The Bobby Fischer Chess MasterpieceApril 2, 2019 2023-08-22 18:06
The Bobby Fischer Chess Masterpiece
The Bobby Fischer Chess Masterpiece
Today we’re going to see a chess masterpiece by Bobby Fischer. It’s a game that he played against Robert Eugene Byrne, an International Master, in 1963/1964. The game was played in the United States Chess Championship, held in New York, where Fischer defeated him in only 25 moves! At the age of 20, Fischer was already among the world’s very best chess players.
In his brilliancy, Fischer demonstrates how to inject multiple imbalances into a highly symmetrical position, how to properly highlight these differences to benefit himself, and how to accurately assess the true value of the pieces as they rest on the board.
You can also watch the video lesson here.
Game: Robert Byrne vs Bobby Fischer
1. d4 Nf6 2. c4 g6 3. g3 c6!?
Fischer was always a player devoted to the King’s Indian Defense, and we would generally expect him to play d6 at this point, consistent with the Indian scheme. However, c6 is a very logical move. White plans to fianchetto his bishop to g2, so creating a pawn barrier with b7, c6 and d5 seems quite understandable.
4. Bg2 (4. d5!? b5!? 5. dxc6 bxc4 6. cxd7+ Nbxd7 7. Bg2 Rb8 = This was other game between Byrne – Fischer which ended in a draw. You can watch the full game below.)
Now let’s return to our main game. 4…d5. A simple and logical move. 5. cxd5. Sooner or later, White has to play this move, otherwise Black has always the option of taking on c4 in the right moment. 5…cxd5 6. Nc3 Bg7 7. e3
With the idea of developing the knight on e2 and not obstructing the action of the bishop on g2. Nevertheless, this move has two drawbacks: First of all, it weakens the f1-a6 diagonal, and second, it closes the c1-h6 diagonal for the dark-squared bishop. 7…0-0 8. Nge2 Nc6 9. 0-0 b6. With the idea of playing Ba6.
10.b3 Ba6 11. Ba3. White activates his bishop, but it doesn’t have the same effect because the black pieces are slightly better placed. 11…Re8
Black aims to play e5 on the next move. It’s important to notice the small differences between both sides. Compare the f6-knight and the e2-knight, or the e7-pawn and the e3-pawn, for example. 12. Qd2. Connecting the rooks and aiming to play one of them on d1. If White manages to do this, then the e5-pawn break will be impossible; so, Black must act immediately. 12…e5! Fischer strikes in the center.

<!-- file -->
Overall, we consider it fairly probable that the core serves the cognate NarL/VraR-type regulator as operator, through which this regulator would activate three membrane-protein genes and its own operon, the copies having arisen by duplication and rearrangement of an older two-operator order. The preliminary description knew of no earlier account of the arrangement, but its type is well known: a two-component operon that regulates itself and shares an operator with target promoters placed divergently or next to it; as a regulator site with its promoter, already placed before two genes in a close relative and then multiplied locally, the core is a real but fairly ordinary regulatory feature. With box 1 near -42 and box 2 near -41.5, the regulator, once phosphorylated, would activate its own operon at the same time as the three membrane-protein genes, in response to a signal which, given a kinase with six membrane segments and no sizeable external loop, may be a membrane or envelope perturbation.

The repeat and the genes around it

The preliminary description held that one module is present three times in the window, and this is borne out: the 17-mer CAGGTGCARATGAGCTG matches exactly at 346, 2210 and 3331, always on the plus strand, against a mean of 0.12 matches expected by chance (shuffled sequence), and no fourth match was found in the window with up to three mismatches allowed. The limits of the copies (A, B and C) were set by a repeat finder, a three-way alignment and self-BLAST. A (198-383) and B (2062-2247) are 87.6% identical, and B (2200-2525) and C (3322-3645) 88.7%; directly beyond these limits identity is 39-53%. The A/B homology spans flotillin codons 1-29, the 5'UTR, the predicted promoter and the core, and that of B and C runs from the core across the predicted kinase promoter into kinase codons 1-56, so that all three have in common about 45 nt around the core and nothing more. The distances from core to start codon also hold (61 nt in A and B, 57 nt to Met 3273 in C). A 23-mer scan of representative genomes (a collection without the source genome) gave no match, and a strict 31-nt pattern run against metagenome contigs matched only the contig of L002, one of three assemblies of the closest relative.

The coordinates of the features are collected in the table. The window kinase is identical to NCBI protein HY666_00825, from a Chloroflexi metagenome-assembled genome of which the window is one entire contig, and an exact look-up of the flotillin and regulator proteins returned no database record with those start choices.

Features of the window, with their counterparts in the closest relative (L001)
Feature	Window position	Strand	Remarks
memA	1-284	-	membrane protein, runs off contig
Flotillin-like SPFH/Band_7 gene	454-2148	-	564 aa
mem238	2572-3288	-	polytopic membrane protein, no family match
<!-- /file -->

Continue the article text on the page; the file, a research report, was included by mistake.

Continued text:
The Critical Moment
13. dxe5 Nxe5 14. Rfd1? It’s always a difficult decision whether the rook moves to an open or semi-open file. It turns out that this natural-looking move is a mistake because it weakens the f2-pawn. 14…Nd3!
Fischer took advantage of White’s last move. Also, notice the coordination between the bishop on a6 and the knight on d3. 15. Qc2. Perhaps with the threat of taking the knight on d3. Unfortunately, White overlooked the next move. 15…Nxf2!! A brilliant move! Fischer destroys White’s pawn shield. 16. Kxf2 Ng4+ 17. Kg1 Nxe3-+
Winning material. White is already lost here. 18. Qd2 Nxg2! This is the correct move. Now d4 is threatening. 19. Kxg2 d4!
A very strong and multi-functional move. Fischer threats the c3-knight and the e2-knight as well because both knights are connected. But the major threat is to open the a8-h1 diagonal for the light-squared bishop. 20. Nxd4 Bb7+ The beginning of the end for the white king. 21. Kf1 Qd7! With the obvious threat of playing Qh3+. 22. Qf2 Qh3+ 23. Kg1
At first glance, it seems like White managed to defend himself…..Nothing is farther from the truth. 23…Re1!! A spectacular move! Black deflects one of the white pieces and wins by force. 24. Rxe1 Bxd4 25. Qxd4 Qg2#.
If you liked this game, surely you’re gonna love my course “Play like Fischer”. That not only analyzes Fischer’s games, it also teaches his thinking system. I will show you how Fischer found those moves and how to use them in your games, answering the unanswered questions before. 😃